October 26, 2011


la Manche

It's so exciting when a place exceeds all of your (already high) expectations. Calvados, one of the three  departments in Basse Normandie, did just that.
And then some!

MooNormandy Cow

First there's the scenery
Lush green pastures, picture-perfect postcard villages awash in blooming hydrangeas, geraniums and dahlias, old stone houses wrapped in vibrant red and orange autumn leaves and vast, sandy beaches. And those cows!

Then there's the food. My god, the food!
I knew that Normandy is famous for its cream, butter and cheese, but nobody ever told us about the ice cream. Every flavor we tasted was seriously rich and delicious.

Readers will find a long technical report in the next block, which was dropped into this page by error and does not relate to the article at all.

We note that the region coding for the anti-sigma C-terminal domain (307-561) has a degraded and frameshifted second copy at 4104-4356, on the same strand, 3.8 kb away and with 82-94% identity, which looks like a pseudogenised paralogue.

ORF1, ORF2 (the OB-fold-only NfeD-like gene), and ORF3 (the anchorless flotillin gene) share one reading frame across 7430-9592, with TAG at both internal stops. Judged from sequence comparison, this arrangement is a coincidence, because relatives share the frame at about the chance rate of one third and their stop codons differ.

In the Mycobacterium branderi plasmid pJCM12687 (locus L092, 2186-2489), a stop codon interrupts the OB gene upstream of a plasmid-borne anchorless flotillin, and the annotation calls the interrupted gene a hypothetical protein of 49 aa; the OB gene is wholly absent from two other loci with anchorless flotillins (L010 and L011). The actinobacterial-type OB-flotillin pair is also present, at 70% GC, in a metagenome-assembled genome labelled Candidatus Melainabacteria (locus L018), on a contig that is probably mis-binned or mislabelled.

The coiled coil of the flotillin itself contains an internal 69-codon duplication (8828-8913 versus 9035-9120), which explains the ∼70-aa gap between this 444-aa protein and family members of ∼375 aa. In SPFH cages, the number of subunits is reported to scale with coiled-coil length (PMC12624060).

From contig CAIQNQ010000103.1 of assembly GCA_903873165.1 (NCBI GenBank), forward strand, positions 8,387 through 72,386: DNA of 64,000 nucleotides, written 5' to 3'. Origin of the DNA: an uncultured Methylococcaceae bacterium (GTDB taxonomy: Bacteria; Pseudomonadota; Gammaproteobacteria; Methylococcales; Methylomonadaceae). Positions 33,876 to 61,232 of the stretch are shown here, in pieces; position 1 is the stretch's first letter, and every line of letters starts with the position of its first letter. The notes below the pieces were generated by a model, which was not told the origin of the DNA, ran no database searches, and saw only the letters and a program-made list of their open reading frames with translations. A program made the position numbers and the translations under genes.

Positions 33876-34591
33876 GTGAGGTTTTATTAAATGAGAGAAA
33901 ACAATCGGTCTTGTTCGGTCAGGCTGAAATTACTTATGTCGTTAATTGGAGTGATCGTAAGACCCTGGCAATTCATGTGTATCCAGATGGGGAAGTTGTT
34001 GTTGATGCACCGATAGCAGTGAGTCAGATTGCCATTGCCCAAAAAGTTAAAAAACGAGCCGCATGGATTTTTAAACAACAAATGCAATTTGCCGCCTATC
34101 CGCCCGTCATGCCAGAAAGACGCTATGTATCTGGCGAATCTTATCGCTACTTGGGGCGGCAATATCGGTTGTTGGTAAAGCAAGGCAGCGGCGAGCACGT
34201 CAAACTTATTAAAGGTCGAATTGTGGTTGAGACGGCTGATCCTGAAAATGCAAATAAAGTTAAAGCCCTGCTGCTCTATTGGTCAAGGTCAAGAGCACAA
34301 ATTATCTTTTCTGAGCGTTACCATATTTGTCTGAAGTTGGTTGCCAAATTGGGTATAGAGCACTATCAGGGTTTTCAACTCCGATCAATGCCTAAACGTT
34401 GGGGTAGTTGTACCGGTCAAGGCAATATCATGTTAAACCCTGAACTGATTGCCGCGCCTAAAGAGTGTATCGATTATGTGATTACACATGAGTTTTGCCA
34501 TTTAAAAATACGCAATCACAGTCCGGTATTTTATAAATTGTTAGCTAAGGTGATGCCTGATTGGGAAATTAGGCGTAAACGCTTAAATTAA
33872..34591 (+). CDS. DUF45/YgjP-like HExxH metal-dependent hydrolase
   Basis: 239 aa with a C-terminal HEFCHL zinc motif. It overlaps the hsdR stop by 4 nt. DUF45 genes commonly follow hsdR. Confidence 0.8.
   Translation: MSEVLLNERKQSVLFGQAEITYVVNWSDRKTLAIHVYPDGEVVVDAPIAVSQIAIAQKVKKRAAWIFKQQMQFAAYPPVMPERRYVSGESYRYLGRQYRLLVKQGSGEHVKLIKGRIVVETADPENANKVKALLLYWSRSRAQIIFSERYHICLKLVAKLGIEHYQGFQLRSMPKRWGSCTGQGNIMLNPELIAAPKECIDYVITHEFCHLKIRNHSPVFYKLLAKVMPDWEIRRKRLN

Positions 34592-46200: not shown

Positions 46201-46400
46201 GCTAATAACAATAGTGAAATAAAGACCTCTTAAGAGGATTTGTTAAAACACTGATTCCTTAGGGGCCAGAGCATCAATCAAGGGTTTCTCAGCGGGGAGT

Our arrival also coincided with the beginning of scallop season. Big, sweet coquilles Saint-Jacques were available at the port, fresh off the boats from the fishermen and women who had been out in the Channel that morning. Quickly sautéed and enjoyed with leeks and cream, bien sûr, and a glass of cold Chardonnay in our gîte's little kitchen. Sublime!


And I can't forget to mention the local apéritif, Pommeau. I'm not really a fan of the region's famous apple brandy, Calvados, but love Pommeau.
(there's also a cheese matured in Pommeau, which is truly amazing)

Normandy Cheeses

Most importantly though, were the people. So friendly, so welcoming and so happy to share their corner of Normandy with us.
Calvados is a region we will happily return to.

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